Edited Volume

Tourism and the Power of Otherness:
Seductions of Difference

Edited by David Picard and Michael A. Di Giovine


This book explores the paradoxes of Self–Other relations in the field of tourism. It particularly focuses on the 'power' of different forms of 'Otherness' to seduce and to disrupt, and, eventually, also to renew the social and cosmological orders of 'modern' culture and everyday life. Drawing on a series of ethnographic case studies, the contributors investigate the production, socialization and symbolic encompassment of different 'Others' as a political and also an economic resource to govern social life in the present. The volume provides a comparative inductive study on the modernist philosophical concepts of time, 'Otherness', and the self in practice, and relates it to contemporary tourism and mobility.


"Tourism and the Power of Otherness" is an intriguing collection, strong in terms of both theory and ethnography, and quite enjoyable to read. Picard and Di Giovine have brought together a diverse array of European scholars who provide fresh insight into a question of enduring importance: how tourism stages the encounter between the familiar and the strange.
Sally Ann Ness, University of California, Riverside, USA

The experience of the tourist is frequently evoked, yet it remains conceptually elusive. This volume approaches the subject with a masterful perusal of the philosophical and anthropological underpinnings, exploring the crucial relationship between Otherness and Self. The reader is led to consider how this relationship underlies every successful tourist enterprise.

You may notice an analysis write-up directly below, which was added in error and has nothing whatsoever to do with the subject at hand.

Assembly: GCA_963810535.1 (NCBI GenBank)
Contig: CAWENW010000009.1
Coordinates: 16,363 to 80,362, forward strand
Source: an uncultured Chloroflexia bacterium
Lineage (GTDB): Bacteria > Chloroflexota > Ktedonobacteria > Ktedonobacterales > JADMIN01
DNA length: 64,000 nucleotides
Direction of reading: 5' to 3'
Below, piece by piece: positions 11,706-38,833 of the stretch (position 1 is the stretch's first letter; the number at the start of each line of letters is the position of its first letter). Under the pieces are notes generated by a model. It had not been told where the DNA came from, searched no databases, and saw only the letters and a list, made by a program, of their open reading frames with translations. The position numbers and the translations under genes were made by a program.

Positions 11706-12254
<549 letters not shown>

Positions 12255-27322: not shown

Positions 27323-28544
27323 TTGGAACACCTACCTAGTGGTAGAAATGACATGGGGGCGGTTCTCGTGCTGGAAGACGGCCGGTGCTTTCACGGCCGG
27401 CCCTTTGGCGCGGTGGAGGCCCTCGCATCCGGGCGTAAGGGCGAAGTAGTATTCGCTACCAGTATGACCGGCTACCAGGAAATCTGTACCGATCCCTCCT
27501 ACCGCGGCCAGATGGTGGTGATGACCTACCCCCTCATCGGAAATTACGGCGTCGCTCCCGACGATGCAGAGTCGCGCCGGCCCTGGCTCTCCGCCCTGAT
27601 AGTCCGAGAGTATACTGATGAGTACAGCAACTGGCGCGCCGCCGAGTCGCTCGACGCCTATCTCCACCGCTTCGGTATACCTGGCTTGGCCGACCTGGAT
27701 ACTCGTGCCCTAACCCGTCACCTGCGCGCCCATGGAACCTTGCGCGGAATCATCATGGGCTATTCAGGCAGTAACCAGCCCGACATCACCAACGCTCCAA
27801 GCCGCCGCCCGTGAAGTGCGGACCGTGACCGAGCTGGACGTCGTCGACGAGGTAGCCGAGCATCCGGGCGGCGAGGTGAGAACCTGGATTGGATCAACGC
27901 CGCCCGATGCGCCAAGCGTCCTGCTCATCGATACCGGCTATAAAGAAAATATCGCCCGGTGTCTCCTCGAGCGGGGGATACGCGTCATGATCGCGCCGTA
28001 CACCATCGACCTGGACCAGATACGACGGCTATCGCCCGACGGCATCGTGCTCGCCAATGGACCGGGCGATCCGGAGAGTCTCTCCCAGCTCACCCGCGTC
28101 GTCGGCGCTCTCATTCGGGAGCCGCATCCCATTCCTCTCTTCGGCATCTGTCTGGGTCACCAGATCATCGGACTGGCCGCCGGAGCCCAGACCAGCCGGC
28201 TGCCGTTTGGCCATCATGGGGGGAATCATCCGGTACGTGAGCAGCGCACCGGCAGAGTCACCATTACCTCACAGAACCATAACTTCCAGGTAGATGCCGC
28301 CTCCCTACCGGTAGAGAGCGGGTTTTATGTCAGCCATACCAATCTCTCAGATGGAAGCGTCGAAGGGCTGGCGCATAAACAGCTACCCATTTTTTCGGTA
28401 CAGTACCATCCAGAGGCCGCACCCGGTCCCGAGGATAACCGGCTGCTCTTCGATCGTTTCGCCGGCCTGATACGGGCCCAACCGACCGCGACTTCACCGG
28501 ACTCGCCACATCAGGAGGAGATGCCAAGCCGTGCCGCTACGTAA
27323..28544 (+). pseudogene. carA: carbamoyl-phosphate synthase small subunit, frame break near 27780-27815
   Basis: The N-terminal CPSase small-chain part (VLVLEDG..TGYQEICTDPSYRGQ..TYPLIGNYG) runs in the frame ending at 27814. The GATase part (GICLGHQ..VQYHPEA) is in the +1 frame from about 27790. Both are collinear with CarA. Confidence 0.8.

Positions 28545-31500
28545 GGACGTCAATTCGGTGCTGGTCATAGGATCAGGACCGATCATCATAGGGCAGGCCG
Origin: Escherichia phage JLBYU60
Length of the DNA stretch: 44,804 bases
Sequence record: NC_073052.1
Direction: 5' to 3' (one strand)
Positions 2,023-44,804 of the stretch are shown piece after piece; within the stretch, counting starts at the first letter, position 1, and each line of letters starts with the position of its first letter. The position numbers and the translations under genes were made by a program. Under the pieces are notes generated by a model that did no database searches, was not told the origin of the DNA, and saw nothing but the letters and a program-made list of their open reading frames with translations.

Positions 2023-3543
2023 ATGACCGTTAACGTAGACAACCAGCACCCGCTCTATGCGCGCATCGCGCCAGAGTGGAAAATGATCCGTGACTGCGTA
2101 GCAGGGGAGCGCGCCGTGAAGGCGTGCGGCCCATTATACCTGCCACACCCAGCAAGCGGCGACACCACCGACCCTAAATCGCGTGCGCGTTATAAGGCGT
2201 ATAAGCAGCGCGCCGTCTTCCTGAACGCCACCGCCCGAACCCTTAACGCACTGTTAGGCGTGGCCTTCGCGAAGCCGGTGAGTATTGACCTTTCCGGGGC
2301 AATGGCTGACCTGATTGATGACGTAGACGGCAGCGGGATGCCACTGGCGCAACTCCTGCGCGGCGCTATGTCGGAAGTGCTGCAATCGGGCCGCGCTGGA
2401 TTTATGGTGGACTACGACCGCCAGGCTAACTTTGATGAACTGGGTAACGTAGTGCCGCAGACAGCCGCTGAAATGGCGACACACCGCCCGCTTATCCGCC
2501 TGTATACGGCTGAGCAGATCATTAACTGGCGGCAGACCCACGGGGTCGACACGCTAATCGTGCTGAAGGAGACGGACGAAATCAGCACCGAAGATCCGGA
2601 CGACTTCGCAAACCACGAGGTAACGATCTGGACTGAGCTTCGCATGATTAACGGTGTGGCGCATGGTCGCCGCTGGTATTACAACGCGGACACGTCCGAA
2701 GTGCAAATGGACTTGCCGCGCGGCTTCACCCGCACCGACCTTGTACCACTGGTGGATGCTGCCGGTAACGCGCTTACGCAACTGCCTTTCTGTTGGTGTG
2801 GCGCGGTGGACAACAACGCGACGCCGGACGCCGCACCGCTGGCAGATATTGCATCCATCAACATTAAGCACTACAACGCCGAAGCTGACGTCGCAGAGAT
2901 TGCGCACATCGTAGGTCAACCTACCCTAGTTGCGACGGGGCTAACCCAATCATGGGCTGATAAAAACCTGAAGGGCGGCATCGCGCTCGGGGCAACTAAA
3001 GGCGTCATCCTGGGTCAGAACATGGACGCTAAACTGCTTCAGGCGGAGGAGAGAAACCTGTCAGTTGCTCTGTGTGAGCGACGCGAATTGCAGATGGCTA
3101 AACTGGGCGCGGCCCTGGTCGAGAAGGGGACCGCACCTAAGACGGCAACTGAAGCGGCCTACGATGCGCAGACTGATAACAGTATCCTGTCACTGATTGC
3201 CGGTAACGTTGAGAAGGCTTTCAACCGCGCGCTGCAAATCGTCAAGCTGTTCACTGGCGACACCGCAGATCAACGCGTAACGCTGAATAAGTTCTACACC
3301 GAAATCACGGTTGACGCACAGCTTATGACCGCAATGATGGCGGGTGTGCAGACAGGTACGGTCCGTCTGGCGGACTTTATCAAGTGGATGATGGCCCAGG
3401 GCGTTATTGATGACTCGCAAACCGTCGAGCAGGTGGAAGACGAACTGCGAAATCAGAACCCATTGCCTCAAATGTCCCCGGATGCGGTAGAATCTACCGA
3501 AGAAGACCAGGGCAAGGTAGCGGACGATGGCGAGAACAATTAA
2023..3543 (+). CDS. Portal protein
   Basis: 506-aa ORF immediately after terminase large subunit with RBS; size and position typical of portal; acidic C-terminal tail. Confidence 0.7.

Elvi Whittaker, University of British Columbia, Canada


Anatolia, An International Journal of Tourism and Hospitality Research

Alan Clarke, University of Pannonia, Hungary

This is a remarkable book. On first appearance, it appears to be a thin and light tome, but as you read into the chapters you come to realize that the depth and the complexity goes much further than you would have at first imagined. The concerns which are raised here are about the really important issues which should inform a deeper understanding of the touristic experiences.


Journal of Tourism and Cultural Change

Tomas Regi, Keimyung University, South Korea

In the past couple of years, an exciting, stimulating and fresh new field has emerged in tourism studies, mostly in tourism anthropology, about the role of emotions, everyday existence and experience in tourism. David Picard and Michael di Giovine’s edited book is, without doubt, an important contribution to this trend. In order to achieve this type of scholarship, the editors, especially in their introductory essay, had to leave the stable and safe circles of academic argumentation and explore new, risky and unstable intersecting fields of anthropology, philosophy, history and, of course, tourism studies. They discuss mainly the strong relationship and interconnectedness between selfhood and otherness…. Reading the book Tourism and the Power of Otherness: Seductions of Difference, it seems that the phenomenon of tourism can still help us to learn new things about the meaning of Otherness. Throughout its 10 chapters … the authors bring a fresh approach to this traditional topic, use a unique angle, summarize it clearly and point future researchers in new directions.


International Association for Languages and Intercultural Communication (IALIC) newsletter

Melinda Dooly

The volume provides a comparative inductive study on the modernist philosophical concepts of time, 'Otherness', and the self in practice, and relates it to contemporary tourism and mobility.


 Annals of Tourism Research

Milorad Lj Todorovic, University of Novi Sad, Serbia

This book represents an interesting insight into ‘‘Self-Other’’ relations in the social field of tourism. … Overall, the book captures the attention of the reader and should be welcomed primarily in academia circles, but also in the tourism sector.


International Journal of Religious Tourism and Pilgrimage